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Dealing With Difficult Child Behavior? 6 Ways to Keep Your Cool

Keren Perles
May 30, 2017

Being rebellious is normal child behavior, but you're starting to lose your patience. Here's how to stay calm so you can discipline wisely.

 

 

When your 2-year-old throws a temper tantrum at the playground, are you ready to scream along with him? Some days, your kid's behavior can push you to your limit. But, it's important to keep your cool. Although it may seem like yelling will result in the child behavior you're looking for, it's actually counterproductive, says Emily McNeil, co-owner and clinical director of the Mariposa Center for Infant, Child, and Family Enrichment in Denver, Colo. "It's neurobiologically impossible for a child to be more regulated than his parent," says McNeil. So if you want your child to be calm, the first step is staying calm yourself.

Here are six ways to stay calm in the midst of behavioral chaos:
 

  1. Take Care of Yourself
    When you're hungry, tired or overworked, your ability to calm yourself down in the face of negative child behavior will plummet. Our society sometimes implies that asking for help or taking care of yourself is unacceptable, says McNeil, but don't guilt yourself out. That means getting enough sleep, eating healthy meals and snacks throughout the day, and giving yourself some "mommy time." Whether you're sick, hormonal or just plain overwhelmed, request to tag-team with your spouse or nanny, and return the favor later on.
     
  2. Decide to Change
    Reacting calmly to your child's shenanigans is a huge challenge, and it won't happen automatically. McNeil emphasizes that any major parenting shift has to be intentional and mindful in order to be successful. Create a mantra to keep yourself on track, like "I will not yell," "I can stay calm," or "I love my child."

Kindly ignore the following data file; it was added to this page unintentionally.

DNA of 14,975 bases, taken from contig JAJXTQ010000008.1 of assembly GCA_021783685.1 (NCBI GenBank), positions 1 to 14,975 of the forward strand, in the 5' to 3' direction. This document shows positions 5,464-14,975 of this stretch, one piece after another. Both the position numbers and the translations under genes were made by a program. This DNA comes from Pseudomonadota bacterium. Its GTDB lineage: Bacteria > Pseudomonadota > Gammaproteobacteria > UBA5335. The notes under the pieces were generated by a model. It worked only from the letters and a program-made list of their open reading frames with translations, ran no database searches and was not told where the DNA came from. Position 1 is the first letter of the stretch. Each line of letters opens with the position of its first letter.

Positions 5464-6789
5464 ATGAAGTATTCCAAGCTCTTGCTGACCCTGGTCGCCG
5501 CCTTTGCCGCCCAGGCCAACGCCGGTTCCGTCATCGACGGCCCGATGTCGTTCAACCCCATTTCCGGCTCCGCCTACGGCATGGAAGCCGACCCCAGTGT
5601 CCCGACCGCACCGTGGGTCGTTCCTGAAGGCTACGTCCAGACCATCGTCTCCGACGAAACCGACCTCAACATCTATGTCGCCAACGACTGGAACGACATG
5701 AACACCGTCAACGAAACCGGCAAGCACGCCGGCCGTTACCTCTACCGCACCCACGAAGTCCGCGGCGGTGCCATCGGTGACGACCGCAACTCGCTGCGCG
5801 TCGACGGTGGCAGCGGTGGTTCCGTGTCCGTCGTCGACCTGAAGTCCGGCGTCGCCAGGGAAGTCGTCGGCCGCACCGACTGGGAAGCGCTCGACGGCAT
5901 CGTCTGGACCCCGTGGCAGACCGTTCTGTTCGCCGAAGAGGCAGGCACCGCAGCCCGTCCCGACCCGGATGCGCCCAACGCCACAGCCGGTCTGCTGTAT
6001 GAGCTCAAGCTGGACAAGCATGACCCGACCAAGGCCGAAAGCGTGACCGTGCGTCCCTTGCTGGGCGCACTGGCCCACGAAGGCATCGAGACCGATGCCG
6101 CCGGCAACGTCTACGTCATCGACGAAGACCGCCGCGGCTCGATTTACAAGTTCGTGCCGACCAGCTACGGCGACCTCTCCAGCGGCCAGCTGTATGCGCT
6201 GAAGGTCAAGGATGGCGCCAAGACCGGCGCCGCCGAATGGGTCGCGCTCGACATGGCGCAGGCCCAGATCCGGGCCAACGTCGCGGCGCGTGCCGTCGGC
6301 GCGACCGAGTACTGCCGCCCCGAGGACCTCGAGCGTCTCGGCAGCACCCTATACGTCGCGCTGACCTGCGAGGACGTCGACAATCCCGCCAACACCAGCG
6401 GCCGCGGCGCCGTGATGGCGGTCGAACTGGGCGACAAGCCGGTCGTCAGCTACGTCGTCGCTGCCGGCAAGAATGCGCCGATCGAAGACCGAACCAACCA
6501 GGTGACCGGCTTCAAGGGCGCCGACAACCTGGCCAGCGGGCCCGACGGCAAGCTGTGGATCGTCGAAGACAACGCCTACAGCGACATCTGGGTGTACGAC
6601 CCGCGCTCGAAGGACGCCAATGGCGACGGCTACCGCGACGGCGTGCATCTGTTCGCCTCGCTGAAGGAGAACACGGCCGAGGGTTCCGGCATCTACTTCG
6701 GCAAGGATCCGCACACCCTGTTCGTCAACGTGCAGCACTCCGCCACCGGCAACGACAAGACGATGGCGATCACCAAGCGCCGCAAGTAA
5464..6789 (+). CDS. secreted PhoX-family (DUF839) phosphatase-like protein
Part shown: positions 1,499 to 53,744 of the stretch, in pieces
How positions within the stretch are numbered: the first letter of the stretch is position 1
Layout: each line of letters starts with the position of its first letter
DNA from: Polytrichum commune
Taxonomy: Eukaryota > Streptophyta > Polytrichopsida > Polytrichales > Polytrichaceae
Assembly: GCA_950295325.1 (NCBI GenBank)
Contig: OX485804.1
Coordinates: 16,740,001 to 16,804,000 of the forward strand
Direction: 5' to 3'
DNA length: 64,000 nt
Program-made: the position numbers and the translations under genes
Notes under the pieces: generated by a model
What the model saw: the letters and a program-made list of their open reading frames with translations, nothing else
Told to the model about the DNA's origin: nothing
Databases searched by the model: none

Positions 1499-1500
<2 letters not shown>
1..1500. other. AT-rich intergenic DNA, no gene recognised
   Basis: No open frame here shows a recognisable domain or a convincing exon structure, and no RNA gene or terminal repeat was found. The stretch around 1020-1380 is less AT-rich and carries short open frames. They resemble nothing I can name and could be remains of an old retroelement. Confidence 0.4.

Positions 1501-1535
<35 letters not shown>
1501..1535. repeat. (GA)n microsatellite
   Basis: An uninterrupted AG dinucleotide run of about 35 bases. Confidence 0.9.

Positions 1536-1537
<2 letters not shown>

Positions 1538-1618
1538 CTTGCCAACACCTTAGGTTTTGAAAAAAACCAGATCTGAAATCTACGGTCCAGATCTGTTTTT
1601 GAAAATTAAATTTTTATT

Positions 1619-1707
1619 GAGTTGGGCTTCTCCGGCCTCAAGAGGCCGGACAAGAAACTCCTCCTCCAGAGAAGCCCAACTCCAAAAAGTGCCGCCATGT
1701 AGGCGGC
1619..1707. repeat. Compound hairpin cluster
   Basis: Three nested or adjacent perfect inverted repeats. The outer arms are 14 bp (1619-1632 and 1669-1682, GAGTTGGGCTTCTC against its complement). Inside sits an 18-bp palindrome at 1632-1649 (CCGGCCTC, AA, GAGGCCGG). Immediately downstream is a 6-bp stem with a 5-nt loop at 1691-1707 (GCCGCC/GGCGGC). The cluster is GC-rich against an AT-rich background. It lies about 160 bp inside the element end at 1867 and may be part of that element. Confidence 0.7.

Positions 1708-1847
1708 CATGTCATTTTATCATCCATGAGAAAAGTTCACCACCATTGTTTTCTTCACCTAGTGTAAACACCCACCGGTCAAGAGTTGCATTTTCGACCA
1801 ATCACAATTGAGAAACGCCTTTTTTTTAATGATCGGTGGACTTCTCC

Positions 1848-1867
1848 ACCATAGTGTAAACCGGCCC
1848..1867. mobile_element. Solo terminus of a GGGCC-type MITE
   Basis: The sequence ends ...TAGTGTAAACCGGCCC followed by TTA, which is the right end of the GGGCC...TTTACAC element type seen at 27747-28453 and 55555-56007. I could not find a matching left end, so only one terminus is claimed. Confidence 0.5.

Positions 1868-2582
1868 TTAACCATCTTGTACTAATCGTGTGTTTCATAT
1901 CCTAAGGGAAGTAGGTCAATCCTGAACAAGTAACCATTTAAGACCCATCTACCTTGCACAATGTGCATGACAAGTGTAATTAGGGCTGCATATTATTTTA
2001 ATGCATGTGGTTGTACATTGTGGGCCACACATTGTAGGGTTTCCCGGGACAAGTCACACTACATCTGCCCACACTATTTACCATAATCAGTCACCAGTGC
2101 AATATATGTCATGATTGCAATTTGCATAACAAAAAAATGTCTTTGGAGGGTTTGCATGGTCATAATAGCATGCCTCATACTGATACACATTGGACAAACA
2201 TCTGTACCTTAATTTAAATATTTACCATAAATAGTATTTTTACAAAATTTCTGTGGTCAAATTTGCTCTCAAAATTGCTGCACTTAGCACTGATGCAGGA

3. Stop and Breathe
    If you feel yourself losing your cool, breathe deeply from your belly to calm your body naturally. Dr. Laura Markham, author of "Peaceful Parent, Happy Kids," calls this practice "stop, drop and breathe," and she encourages parents to do it even if they feel an intense need to react. After all, your brain is telling you that the situation is an emergency, but you can remind your body, through deep breathing, that it is not an emergency at all.
     
  4. Get Some Space
    If you start to feel frustrated with your child's misbehavior, take a break to calm down. That might mean walking to the other side of the room or leaving the room entirely (if your child is over age 5). You can continue breathing or visualize a picture of your child at a happier time -- like when she had ice cream dripping down her chin and offered you a lick, suggests McNeil. "It's much easier to parent that child than the one hitting her sister right now," she adds.
     
  5. Set a Limit Respectfully
    Instead of yelling, McNeil suggests whispering or getting very quiet, which can get the message across while de-escalating the situation. Dr. Markham emphasizes the importance of first empathizing with your child, then stating the limit: "I know you're feeling angry because you're having fun playing with those animals and don't want to leave. We do need to go to the doctor, though. Let's choose an animal to take with you to the doctor's office."
     
  6. Find the Right Time to Teach
    Teaching your child a lesson is best done when the situation is diffused and they're on good behavior. If you child is misbehaving or throwing a tantrum, wait until things are calm, and then remind your child about what happened: "Something happened earlier today that bothered me. What can we do differently next time?"
     

Sure, sometimes it seems like your kids just don't listen unless you yell at them. But yelling creates a fear and threatens to harm your relationship, says McNeil. Do you want to role model yelling as the right reaction to frustration? Your answer can give you the confidence to stay calm in the midst of the most frustrating child behavior that your kid can throw at you and the comfort of knowing you won't raise a spoiled brat.

Want some more ideas to help keep your cool? Check out these 7 Tips for Staying Calm .

Keren Perles is a parenting writer and educator and the founder of Heart and Mind Parenting. Her three young sons give her plenty of practice in responding effectively to misbehavior.

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